DESK, OAK WITH MOTHER-OF-PEARL CALL BUTTONS ON TOP FRONT RIGHT CORNER. TOP SURFACE HAS: WORN FINISH, AREA OF DARK BLACK STAINING NEAR FRONT CENTER, AND WATER DAMAGE CAUSING WOOD TO SPLIT AT THREE PLACES ON RIGHT SIDE. SEVEN DRAWERS, WITH THREE ON LEFT, THREE ON RIGHT AND ONE AT CENTER. DRAWER FACES HAVE BEVELED EDGES AND WOODEN HANDLES. BOTTOM TWO DRAWERS ON RIGHT, BOTTOM DRAWER ON LEFT AND CENTER DRAWER HANDLES HAVE CHUNKS OF WOOD MISSING. LEFT SIDE OF CENTER DRAWER HAS WHITE PAINT. LOCKING MECHANISMS AT TOP RIGHT, CENTER AND LEFT DRAWERS. ABOVE DRAWERS AT LEFT AND RIGHT ARE PULL OUT BOARDS. SIDES AND REVERSE OF DESK HAVE PANELED WOOD. RIGHT SIDE HAS FRAGMENT OF CORD EXTENDING FROM THE EDGE OF CALL BUTTONS. TOP DRAWER ON RIGHT HAS THREE LOOSE WOODEN SEPARATORS, ONE IN RIGHT MIDDLE AND ONE IN LEFT MIDDLE. SPILLED INK HAS STAINED THE BOTTOM OF TOP LEFT DRAWER INSIDE. FRAGMENT OF NEWSPAPER ON THE UNDERSIDE OF TOP CENTER DRAWER HAS, “FRIDAY, MAY 23, 1913.”
Subjects
FURNITURE
Historical Association
SAFETY SERVICES
FURNISHINGS
PROFESSIONS
History
DESK BELONGED TO DONOR’S FATHER JERRY YAMAMOTO WHO PASSED AWAY ON OCTOBER 11, 1997. IN MAY 2012, COLLECTIONS TECHNICIAN KEVIN MACLEAN INTERVIEWED DONOR TERRY YAMAMOTO. THE FOLLOWING INFORMATION WAS EXTRACTED FROM THE INTERVIEW’S TRANSCRIPTION. WHEN ASKED ABOUT HIS FIRST MEMORY OF THE DESK, YAMAMOTO RESPONDED BY SAYING, “WELL… IT GOES BACK TO WHEN I WAS ABOUT ELEVEN YEARS OLD. MY DAD BUILT THE HOUSE, HE BUILT IT ON HIS OWN AND THE FIRST YEAR WE MOVED IN THERE I WAS ELEVEN LIKE WE LIVED IN THE BASEMENT WHILE HE BUILT THE UPSTAIRS. AS FAR AS I CAN REMEMBER THAT DESK HAS BEEN THERE SINCE THE TIME WE MOVED IN SO I WAS ELEVEN SO THAT WOULD BE 1963. IT WAS IN WHAT WE CALLED HIS RADIO ROOM. HE WAS A RADIO TECHNICIAN FOR THE RCMP AND HE JUST HAD IT SET IN THERE FOR HIS MUSIC AS A DESK. YEAH, HE DID YOU KNOW WELL HE FIXED RADIOS HE WAS A RADIO TECH FOR THE RCMP SO HE WOULD TINKER AROUND FIXING RADIOS AND THINGS LIKE THAT. HE WAS ALSO A HAM OPERATOR. [FOR] AS LONG AS I CAN REMEMBER HE WAS WITH THE RCMP. I WAS BORN IN ‘52, 1952 SO IT HAD TO BE AROUND THAT TIME OR AFTER THAT HE JOINED THE RCMP BECAUSE AS LONG AS I CAN REMEMBER HE ALWAYS WORKED WITH THEM. HE STARTED OUT AS OPERATING RADIOS THEN JUST WENT ON COURSES AND WHATEVER WITH THE RCMP AND THEN HE BECAME THE RADIO TECHNICIAN FOR SOUTHERN ALBERTA. [WHEN HE STARTED, HE WAS DOING] THE RADIO TRANSMISSION WITH EVERY COP IN THE CARS. AND BASICALLY THE RCMP SENT HIM BACK AND PUT HIM ON TRAINING FOR RADIO TECHNICIAN AND HE WAS WITH THEM UNTIL HE RETIRED. HE LIKED IT BECAUSE HE SERVICED NOT ONLY THE CAR RADIOS BUT ALL THE RADIO TOWERS FOR SOUTHERN ALBERTA. THE ONE THING HE REALLY ENJOYED WAS HE HAD RETIRED AND THEN WHEN THE OLYMPICS CAME, THE SKIING, THE WORLD CUP IN 1980, SECURITY OR WHATEVER. THE RCMP SENT HIM OUT TO OTTAWA ON A SPECIAL, BROUGHT HIM OUT OF RETIREMENT, SENT HIM TO OTTAWA FOR A SPECIAL COURSE AND THEN HE HAD TO HE WAS UP AT LAKE LOUISE AND BANFF AND THEY WERE DOING ALL THE SECURITY ON THE TOWERS AND EVERYTHING.” WHEN ASKED IF SHE REMEMBERED ANY OF THE HISTORY OF THE DESK BEFORE HIS FATHER’S USE, YAMAMOTO SAID, “ALL I REMEMBER IS HIM SAYING IS THAT IT CAME FROM THE FORT MACLEOD RCMP BARRACKS AND HIM AND JUDGE GORE-HICKMAN HAD COLLECTED WEIRD THINGS. BUT ANYWAYS IT HAD SOMETHING TO DO WITH JUDGE GORE-HICKMAN SO I DON’T IF HE ACTUALLY HAD IT IN THE BEGINNING AND GAVE IT MY DAD TOOK IT BUT IT DID ACTUALLY COME FROM THE FORT MACLEOD RCMP BARRACKS. [MY FATHER] AND JUDGE GORE-HICKMAN WERE FRIENDS OF A DIFFERENT KIND AND LIKE I SAY THEY COLLECTED WEIRD THINGS.” WHEN ASKED ABOUT THE DAMAGE ON THE TOP SURFACE OF THE DESK, YAMAMOTO EXPLAINED, “YEAH, THAT WAS PROBABLY MY FAULT, I WAS USING IT FOR MY BEDDING PLANTS AND IT GOT SPRAYED WITH WATER. YOU KNOW I HAD THEM SITTING THERE I HAD A BOARD OVER TOP FOR A WHILE THERE.” ACCORDING TO INFORMATION PROVIDED BY KIM GUNN AND FORWARDED BY TOM EDGAR IN AN E-MAIL AT THE TIME OF DONATION, “THE DESK IS AN OLD RCMP DESK THAT WAS STANDARD ISSUE TO RCMP OFFICES ACROSS CANADA. WHEN THE RCMP GOT NEW DESKS IT WAS GIVEN TO DR. GORE-HICKMAN’S DAD FOR USE IN HIS OFFICE AT THE OLD POLICE STATION ON 5TH STREET. GORDIE REMEMBERS JERRY Y. AND THE DESK BEING IN HIS DAD’S OFFICE. HE SAYS HIS DAD AND JERRY WERE GOOD FRIENDS. GORDIE SAYS THAT HIS DAD STARTED OUT AS A POLICE MAGISTRATE AND THAT IS WHY HIS OFFICE WAS AT THE POLICE STATION.” *UPDATE* AT THE TIME OF CATALOGUING IN AUGUST, 2013, COLLECTIONS ASSISTANT DAVID SMITH DISCOVERED SOME ARCHIVAL DOCUMENTS IN THE TOP CENTER DRAWER. UPON CONSULTATION WITH DONOR, THESE DOCUMENTS WERE TRANSFERRED TO GALT ARCHIVES. FOR MORE INFORMATION, PLEASE SEE PERMANENT FILE.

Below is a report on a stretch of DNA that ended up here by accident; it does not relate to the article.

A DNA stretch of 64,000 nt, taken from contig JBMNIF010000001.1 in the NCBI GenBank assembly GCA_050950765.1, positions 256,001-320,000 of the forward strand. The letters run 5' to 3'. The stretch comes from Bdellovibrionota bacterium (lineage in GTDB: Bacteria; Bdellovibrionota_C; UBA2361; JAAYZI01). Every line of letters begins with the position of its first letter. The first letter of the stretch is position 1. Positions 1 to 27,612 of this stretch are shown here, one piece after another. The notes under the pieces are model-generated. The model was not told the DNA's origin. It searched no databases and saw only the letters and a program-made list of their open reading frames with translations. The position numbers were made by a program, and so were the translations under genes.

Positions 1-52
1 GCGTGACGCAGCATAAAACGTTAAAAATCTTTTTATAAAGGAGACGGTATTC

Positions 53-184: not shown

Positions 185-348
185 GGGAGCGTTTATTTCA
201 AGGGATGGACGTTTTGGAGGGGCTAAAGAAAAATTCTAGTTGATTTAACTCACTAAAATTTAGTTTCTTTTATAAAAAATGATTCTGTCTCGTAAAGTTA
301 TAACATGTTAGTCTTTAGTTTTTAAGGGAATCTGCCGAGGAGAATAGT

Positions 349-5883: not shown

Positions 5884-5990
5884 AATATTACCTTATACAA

Catalogue Number
P20110027000
Acquisition Date
2011-07
Collection
Museum
Images
Less detail
Date Range From
1929
Date Range To
1955
Material Type
Artifact
Materials
METAL
Catalogue Number
P20070007000
Material Type
Artifact
Date Range From
1929
Date Range To
1955
Materials
METAL
No. Pieces
4
Description
BRWN 3/4 SIZE BED FRAME (4 PCE). FAUX WOOD GRAIN FINISH. HEAD BOARD IS LABELED ON BOTTOM STRUT WHICH READS "SIMMONS LTD". HEADBOARD 121 (L) X 95 (H) X 7 (W). BASEBOARD 121 (L) X 62 (H) X 7 (W). SIDE ROD (2 PCE) 187 (L) X 3 (H) X 5 (W).